The Cortex-M0, Cortex-M3, and Cortex-M4 ARM processors all support both the original Thumb instruction set as well as the newer Thumb-2 instruction set. The key difference is that Thumb-2 builds upon and extends the 16-bit Thumb instruction set with 32-bit instructions to provide additional functionality while maintaining backwards compatibility with existing Thumb code.
Overview of Thumb and Thumb-2
The original Thumb instruction set was introduced in ARMv4T architecture as a 16-bit instruction set intended to improve code density compared to 32-bit ARM instructions. Thumb code is able to achieve higher density by using 16-bit encodings for common instructions like adds, subs, movs, etc. However, Thumb has limitations in only supporting a 16-bit instruction length and lacks many ARM instructions like multiplies, divides, and branches.
Thumb-2 was introduced in ARMv6T2 architecture and is a variable length instruction set that adds 32-bit encodings alongside the 16-bit Thumb encodings. This allows it to incorporate manyARM instructions that were missing in the original Thumb like multiplies and branches. Thumb-2 is able to maintain backwards compatibility with Thumb code while also providing the performance and functionality benefits of 32-bit ARM instructions when needed.
Cortex-M0 Support for Thumb and Thumb-2
The Cortex-M0 CPU implements the ARMv6-M architecture which includes full support for both Thumb and Thumb-2 instruction sets. The Cortex-M0 is a 32-bit processor but uses the Thumb-2 instruction set to achieve high code density for embedded applications. All Cortex-M0 code must use the Thumb-2 instruction set.
Key features of Cortex-M0 Thumb-2 support:
- 16-bit and 32-bit instruction encodings for improved code density
- Load/store architecture with support for Thumb-2 branching
- Thumb-2 multiplier is supported for 32-bit multiply operations
- Includes Thumb-2 SIMD instructions for improved digital signal processing
- Maintains backwards compatibility with existing Thumb code
The Cortex-M0 does not support ARM’s 32-bit ARM instruction set and can only execute Thumb-2 instructions. This focus on solely Thumb-2 allows the M0 to achieve high code density crucial for embedded applications with tight memory constraints.
Cortex-M3 Support for Thumb and Thumb-2
The Cortex-M3 CPU implements the ARMv7-M architecture which includes support for both Thumb and Thumb-2 instruction sets. Cortex-M3 supports intermixing both Thumb, Thumb-2, and 32-bit ARM instructions together in a single application.
Key features of Cortex-M3 Thumb and Thumb-2 support:
- 16-bit Thumb and 32-bit Thumb-2 encodings
- 32-bit ARM instruction set support for specialized operations
- Thumb-2 branch instructions improve performance of branches
- Divide instructions supported in hardware in both Thumb-2 and ARM encodings
- Thumb-2 multiplier and SIMD instructions available
- Can freely mix 16-bit Thumb, 32-bit Thumb-2, and 32-bit ARM instructions
The added flexibility of mixing Thumb, Thumb-2, and ARM code allows the Cortex-M3 to balance code density and performance. Thumb-2 delivers efficiency for most tasks while ARM code can be used selectively for DSP or math intensive portions that benefit from 32-bit ARM performance.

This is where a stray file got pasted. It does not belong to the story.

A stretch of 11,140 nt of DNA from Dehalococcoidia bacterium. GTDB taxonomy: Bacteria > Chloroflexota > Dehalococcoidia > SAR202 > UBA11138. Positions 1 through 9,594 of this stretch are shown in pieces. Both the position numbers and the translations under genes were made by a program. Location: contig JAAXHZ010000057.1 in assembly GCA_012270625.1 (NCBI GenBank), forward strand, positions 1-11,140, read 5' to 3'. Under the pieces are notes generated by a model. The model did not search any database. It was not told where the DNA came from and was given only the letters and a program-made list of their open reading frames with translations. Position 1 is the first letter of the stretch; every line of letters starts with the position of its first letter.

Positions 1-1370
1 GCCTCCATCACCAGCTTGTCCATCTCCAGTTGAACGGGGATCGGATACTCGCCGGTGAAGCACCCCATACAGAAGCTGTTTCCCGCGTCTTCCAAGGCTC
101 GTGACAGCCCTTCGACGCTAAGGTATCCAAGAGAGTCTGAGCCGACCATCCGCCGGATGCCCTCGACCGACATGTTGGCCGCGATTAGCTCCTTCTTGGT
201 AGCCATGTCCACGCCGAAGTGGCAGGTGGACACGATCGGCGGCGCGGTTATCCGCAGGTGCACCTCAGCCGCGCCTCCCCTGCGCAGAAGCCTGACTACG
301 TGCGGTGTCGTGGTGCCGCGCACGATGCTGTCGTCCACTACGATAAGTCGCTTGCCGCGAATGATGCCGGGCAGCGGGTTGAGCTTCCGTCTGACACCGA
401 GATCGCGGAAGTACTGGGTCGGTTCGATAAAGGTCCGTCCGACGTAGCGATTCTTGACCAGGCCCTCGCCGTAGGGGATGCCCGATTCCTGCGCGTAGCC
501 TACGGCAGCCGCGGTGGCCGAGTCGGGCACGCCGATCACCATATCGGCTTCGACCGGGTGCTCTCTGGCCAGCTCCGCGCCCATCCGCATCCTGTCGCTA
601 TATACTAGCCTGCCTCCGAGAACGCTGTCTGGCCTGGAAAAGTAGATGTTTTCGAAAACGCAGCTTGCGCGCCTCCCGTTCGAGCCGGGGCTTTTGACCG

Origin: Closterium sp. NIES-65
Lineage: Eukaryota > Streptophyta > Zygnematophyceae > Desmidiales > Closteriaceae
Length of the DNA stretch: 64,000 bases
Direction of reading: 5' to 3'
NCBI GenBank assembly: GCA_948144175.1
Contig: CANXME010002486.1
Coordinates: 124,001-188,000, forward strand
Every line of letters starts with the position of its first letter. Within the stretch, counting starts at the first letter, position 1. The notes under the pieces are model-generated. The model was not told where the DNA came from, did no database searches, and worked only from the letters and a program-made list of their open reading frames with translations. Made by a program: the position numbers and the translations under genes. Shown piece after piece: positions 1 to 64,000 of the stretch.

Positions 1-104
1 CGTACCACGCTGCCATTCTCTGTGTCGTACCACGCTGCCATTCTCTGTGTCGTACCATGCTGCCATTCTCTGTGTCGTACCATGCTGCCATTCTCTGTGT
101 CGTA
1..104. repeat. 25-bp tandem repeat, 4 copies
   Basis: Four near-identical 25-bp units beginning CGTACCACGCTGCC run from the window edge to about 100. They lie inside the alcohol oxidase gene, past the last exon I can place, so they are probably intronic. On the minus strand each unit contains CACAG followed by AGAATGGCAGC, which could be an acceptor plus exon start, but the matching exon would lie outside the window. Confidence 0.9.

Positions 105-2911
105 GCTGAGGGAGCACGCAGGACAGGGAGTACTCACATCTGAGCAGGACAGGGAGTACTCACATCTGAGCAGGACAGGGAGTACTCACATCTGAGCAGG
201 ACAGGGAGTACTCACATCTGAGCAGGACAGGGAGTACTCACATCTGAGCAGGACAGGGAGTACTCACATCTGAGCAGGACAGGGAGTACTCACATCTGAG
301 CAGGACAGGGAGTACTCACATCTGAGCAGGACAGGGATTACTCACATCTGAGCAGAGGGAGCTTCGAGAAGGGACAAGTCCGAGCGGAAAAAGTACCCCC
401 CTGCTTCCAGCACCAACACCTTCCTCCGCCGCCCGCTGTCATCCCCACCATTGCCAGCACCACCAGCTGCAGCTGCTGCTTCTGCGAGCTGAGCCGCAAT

Cortex-M4 Support for Thumb and Thumb-2
The Cortex-M4 implements the same ARMv7-M architecture as the M3, providing support for intermixing Thumb, Thumb-2, and ARM instructions. The main differences are the M4 includes additional Thumb-2 DSP and floating point instructions:
- Floating point unit supports single precision floating point in hardware
- Thumb-2 instruction set enhanced with additional DSP instructions
- Hardware divide supported in both Thumb-2 and ARM instruction sets
- Optional single cycle I/O to improve performance
- Thumb-2 branch instructions reduce branching overhead
The Cortex-M4 allows developers to write highly optimized DSP and floating point code using the Thumb-2 instruction set. The tight integration of its floating point unit and low latency I/O allows the M4 to handle signal processing workloads efficiently while still maintaining great real-time responsiveness.
Mixing Thumb and Thumb-2 Code
The ability to mix and match Thumb, Thumb-2, and ARM instructions is a key advantage of the Cortex-M3 and M4 over earlier designs like the M0. Here are some guidelines on combining Thumb code with Thumb-2:
- Use Thumb-2 encodings for performance critical code sections
- Use Thumb encodings for non-critical code to save space
- Place Thumb code in separate functions from Thumb-2 code
- Use Thumb-2 branch instructions when branching between Thumb and Thumb-2 functions
- Validate linker and compiler support mixing instruction sets
- Use compiler intrinsics or directives to force Thumb or Thumb-2 encodings
Proper use of mixed Thumb and Thumb-2 code allows developers to write optimized DSP or math routines in Thumb-2 while less performance sensitive control code can use Thumb. This provides both high density and high performance.
Benefits of Cortex-M Thumb-2 Support
Here are some of the key benefits of Thumb-2 instruction set support on Cortex-M class processors:
- Higher code density than 32-bit ARM instructions
- Enables use of 32-bit encodings alongside 16-bit Thumb
- Adds many ARM instructions missing from original Thumb ISA
- SIMD and DSP instructions to accelerate multimedia workloads
- Hardware divide supported in Thumb-2 on Cortex-M3/M4
- Floating point unit added in Cortex-M4 Thumb-2
- Maintains backwards code compatibility with Thumb
- More efficient branching than earlier Thumb versions
In summary, Thumb-2 support gives Cortex-M series processors an instruction set with both high code density through 16-bit Thumb encodings as well as excellent performance from 32-bit instructions. This combination of small size and good performance makes Thumb-2 well suited for embedded applications.